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Find the voltmeter reading in a circuit

  1. Sep 29, 2016 #1
    1. The problem statement, all variables and given/known data
    The 4.0 V cell in the circuits shown below has zero internal resistance. An accurately calibrated voltmeter connected across YZ records 1.50 V. Calculate (a) the resistance of the voltmeter, (b) the voltmeter reading when it is connected across Y'Z'.

    d63191dd4fe5.jpg

    What do your results suggest concerning the use of voltmeters?

    2. The attempt at a solution
    (a) I = V / R = (4 - 1.5) / 60 = 0.0417 A
    I = 1.5 / 40 = 0.0375 A
    I that flows in the voltmeter = 0.0417 - 0.0375 = 0.00417 A
    R = V / I = 1.5 / 0.00417 = 360 Ω

    (b) No idea. I did try to some equations like 4 = 600 * I + I R2, but I think they lead into nothing. How can we find the voltmeter reading? It's a parallel circuit but now we don't know neither the V nor the current or the resistance.
     
  2. jcsd
  3. Sep 29, 2016 #2

    berkeman

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    Staff: Mentor

    You know the voltmeter's resistance, so just parallel it up with the 400 Ohm resistor and use the resulting voltage divider to find the voltage.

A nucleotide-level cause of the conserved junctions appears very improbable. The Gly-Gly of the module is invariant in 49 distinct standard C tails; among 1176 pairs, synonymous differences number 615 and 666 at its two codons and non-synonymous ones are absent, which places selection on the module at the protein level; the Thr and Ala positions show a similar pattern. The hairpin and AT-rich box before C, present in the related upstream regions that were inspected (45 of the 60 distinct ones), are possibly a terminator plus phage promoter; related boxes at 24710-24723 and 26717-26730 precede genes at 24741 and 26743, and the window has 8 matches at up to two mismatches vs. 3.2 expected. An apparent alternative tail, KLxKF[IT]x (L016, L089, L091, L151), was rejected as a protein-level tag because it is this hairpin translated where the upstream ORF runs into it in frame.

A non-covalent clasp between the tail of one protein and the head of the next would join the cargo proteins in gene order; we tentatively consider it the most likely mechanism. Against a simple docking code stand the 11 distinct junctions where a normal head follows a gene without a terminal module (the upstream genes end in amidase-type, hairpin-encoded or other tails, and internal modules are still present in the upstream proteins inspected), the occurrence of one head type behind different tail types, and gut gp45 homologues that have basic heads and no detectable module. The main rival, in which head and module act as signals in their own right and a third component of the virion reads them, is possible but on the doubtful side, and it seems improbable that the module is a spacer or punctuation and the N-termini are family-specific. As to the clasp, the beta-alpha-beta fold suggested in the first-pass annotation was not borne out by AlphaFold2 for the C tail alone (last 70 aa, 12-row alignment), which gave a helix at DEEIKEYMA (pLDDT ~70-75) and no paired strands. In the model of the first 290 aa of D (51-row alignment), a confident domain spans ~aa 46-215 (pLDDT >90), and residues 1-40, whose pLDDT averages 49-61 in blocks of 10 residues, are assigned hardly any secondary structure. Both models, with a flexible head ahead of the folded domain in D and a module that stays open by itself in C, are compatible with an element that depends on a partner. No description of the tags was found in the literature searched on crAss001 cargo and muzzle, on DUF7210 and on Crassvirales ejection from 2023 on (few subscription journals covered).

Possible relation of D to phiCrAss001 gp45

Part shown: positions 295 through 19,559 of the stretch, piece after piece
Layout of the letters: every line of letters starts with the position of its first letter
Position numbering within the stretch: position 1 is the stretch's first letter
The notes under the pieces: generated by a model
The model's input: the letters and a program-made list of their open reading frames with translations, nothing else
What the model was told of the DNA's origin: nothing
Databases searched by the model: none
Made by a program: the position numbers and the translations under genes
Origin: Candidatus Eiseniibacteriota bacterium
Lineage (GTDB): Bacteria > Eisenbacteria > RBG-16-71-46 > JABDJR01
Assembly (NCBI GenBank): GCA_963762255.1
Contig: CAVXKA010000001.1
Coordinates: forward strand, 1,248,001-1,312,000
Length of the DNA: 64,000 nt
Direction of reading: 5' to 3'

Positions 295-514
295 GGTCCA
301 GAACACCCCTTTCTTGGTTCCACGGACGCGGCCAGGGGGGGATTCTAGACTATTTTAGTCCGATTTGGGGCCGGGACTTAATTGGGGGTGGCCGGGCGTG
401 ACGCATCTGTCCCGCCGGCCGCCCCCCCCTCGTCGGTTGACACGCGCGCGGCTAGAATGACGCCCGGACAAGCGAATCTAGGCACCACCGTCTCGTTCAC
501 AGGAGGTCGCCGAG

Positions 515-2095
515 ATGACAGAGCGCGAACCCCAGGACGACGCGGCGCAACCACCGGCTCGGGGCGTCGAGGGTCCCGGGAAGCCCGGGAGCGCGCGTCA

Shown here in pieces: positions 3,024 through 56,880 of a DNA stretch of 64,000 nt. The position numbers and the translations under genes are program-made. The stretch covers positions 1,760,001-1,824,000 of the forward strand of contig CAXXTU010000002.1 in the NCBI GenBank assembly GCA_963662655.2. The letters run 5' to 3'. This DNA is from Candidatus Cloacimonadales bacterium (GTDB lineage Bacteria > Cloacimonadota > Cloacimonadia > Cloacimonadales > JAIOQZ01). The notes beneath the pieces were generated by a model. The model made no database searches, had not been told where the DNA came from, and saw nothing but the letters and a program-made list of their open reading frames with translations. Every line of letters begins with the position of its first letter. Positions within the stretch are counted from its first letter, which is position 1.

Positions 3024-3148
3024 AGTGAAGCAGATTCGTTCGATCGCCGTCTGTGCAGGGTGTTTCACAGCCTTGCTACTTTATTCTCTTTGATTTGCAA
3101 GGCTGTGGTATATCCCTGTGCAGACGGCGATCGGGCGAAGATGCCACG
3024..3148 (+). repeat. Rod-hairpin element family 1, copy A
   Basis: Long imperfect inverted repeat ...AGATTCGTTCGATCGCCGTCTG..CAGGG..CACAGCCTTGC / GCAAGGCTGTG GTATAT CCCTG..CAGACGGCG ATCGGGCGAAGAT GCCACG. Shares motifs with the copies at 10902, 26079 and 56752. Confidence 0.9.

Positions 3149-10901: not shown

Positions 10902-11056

4. Sep 29, 2016 #3
    You mean 360 Ohm? But it's a different situation (resistors have 600 and 400 Ohm instead of 60 and 40) and it's not stated that 360 Ohm are the same for (b).

    But in that case the calculation is clear: 1 / R = 1 / 400 + 1 / 360, we find R = 189, total R = 189 + 600 = 789 Ohm. I = V / R = 4 / 789 = 5.1 * 10-3. V = 5.1 * 10-3 * 600 = 3.04. V = 4 - 3.04 = 0.96 V.
     
  5. Sep 29, 2016 #4

    berkeman

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    Staff: Mentor

    The question implies it is the same voltmeter that is moved to the 2nd circuit for the 2nd reading, so just keep using 360 Ohms for the meter's internal resistance.
     
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